This is one more example of the Internet of Things, or making everyday objects smart and connected. The shoes have sensors and vibrating feedback that help you move the right foot at the right time and then analyze your results.
The New York company is seeking to raise $40,000 on the Indiegogo crowdfunding platform.
The smart shoes sync with an app to provide interactive dance lessons, including videos that show you what to do during the dance.
The shoes contain a number of sensors that sync up to the accompanying rhythm app. This app then delivers visual dance lessons, while sending vibrations to the shoes to indicate where to step and how to move your upper body.
The shoes are fitted with Bluetooth technology that helps link the sensors to the app. Built-in motion (accelerometer, gyroscope, magnetometer) and pressure sensors can also offer feedback about each dance move, recommending tweaks and changes. You simply choose your lesson and use the vibrations to help guide your steps.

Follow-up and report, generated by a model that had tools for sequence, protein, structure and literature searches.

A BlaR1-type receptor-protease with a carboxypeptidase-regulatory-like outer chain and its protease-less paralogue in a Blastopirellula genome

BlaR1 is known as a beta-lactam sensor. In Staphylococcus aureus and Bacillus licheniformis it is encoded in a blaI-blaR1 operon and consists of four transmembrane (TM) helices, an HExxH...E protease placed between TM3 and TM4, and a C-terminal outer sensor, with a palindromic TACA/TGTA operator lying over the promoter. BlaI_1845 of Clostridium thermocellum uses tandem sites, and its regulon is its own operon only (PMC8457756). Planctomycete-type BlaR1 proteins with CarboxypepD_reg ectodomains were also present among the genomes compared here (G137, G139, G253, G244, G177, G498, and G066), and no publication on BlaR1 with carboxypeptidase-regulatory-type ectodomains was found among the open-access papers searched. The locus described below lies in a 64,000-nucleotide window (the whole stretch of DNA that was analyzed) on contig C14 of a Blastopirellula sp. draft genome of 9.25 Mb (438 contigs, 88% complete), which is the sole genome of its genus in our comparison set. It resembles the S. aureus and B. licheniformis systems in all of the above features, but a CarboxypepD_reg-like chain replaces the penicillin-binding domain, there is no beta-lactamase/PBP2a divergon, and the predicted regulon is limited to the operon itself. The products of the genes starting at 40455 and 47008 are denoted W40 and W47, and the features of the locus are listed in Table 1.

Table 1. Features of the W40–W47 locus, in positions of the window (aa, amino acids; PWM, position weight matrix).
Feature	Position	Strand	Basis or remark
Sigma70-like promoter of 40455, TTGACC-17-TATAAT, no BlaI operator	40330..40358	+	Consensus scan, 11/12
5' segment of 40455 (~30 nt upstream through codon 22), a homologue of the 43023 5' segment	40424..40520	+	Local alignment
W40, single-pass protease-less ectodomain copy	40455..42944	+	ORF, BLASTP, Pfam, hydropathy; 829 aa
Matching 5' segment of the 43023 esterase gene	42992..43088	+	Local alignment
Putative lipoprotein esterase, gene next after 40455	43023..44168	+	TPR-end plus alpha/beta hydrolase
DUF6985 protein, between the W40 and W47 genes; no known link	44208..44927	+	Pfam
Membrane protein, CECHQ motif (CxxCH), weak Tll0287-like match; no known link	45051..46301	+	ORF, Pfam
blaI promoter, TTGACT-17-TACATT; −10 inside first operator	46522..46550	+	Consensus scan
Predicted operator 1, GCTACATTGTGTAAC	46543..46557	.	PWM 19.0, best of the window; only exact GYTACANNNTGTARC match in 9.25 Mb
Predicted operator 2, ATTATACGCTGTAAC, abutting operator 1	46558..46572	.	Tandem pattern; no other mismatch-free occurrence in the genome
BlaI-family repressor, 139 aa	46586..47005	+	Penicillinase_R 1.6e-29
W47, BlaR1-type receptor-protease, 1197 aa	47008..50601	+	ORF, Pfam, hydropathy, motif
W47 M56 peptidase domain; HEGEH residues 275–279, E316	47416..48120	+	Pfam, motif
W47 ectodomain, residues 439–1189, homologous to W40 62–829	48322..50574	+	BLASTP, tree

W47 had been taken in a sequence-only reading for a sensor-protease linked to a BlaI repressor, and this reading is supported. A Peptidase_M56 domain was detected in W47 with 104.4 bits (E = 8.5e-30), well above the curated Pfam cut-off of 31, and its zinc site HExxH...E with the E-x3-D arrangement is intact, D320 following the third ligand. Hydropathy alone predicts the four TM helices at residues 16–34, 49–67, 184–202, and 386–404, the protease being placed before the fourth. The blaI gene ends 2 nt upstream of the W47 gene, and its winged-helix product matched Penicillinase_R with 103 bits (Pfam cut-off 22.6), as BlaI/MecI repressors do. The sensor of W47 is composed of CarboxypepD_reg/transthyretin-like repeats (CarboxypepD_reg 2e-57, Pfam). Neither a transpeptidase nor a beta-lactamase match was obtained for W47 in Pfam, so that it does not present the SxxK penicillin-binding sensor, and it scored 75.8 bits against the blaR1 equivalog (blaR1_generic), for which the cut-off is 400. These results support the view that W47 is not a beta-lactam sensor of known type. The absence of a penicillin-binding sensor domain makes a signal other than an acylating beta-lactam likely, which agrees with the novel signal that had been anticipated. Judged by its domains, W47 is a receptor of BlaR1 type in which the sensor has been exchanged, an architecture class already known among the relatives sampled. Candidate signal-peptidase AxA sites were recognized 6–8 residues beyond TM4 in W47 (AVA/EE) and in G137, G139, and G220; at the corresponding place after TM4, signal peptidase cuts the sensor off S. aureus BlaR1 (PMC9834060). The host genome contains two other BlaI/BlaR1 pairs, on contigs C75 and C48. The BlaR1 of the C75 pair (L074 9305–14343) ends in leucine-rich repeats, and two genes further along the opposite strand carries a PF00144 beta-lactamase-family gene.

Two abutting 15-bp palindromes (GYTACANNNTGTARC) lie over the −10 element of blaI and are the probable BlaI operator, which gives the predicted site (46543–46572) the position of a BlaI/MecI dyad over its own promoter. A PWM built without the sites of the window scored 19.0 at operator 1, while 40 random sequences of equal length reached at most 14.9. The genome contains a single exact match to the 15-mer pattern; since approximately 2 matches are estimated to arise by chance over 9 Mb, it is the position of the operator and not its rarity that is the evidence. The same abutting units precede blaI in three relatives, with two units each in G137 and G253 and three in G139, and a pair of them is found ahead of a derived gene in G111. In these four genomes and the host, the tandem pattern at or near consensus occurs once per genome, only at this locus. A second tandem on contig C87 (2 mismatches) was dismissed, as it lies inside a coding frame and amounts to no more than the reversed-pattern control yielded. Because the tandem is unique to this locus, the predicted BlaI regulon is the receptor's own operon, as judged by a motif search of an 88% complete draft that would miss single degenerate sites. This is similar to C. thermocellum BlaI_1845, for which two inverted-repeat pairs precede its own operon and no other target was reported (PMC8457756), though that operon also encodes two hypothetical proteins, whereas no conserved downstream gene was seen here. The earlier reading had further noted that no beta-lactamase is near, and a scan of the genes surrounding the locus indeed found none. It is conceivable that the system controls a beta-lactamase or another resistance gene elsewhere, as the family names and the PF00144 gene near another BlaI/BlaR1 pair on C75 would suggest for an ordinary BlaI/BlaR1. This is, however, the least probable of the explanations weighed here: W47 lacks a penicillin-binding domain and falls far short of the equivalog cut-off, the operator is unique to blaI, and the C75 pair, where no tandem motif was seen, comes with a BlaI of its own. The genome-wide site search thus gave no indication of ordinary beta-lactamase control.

Cesar Gutierrez, the creator of Rhythm Shoes, said in a statement: “Dancing is a fantastic way to keep fit and flex the mental muscles — but for a long time, many people saw learning to dance as a costly and complicated process. Our rhythm shows make it easy for dance enthusiasts to break the curse of ‘two left feet’ and learn how to dance in a range of styles.”
The app’s progress tracking allows you to see how you’ve improved over time. Weekly charts display how many steps you’ve done, your performance rate, your total time spent dancing, and the amount of calories you’ve burned dancing. You get badges for important milestones, and earning points for each move successfully completed helps gamify the sometimes slow process of learning to dance.
“Using the rhythm app, you can set up your profile to find new dance partners, share your progress or challenge your friends,” Gutierrez said. “We’re even introducing a visual learning element, with live rhythm classes in major cities, where our users can perfect their technique and meet other dancers in their area.”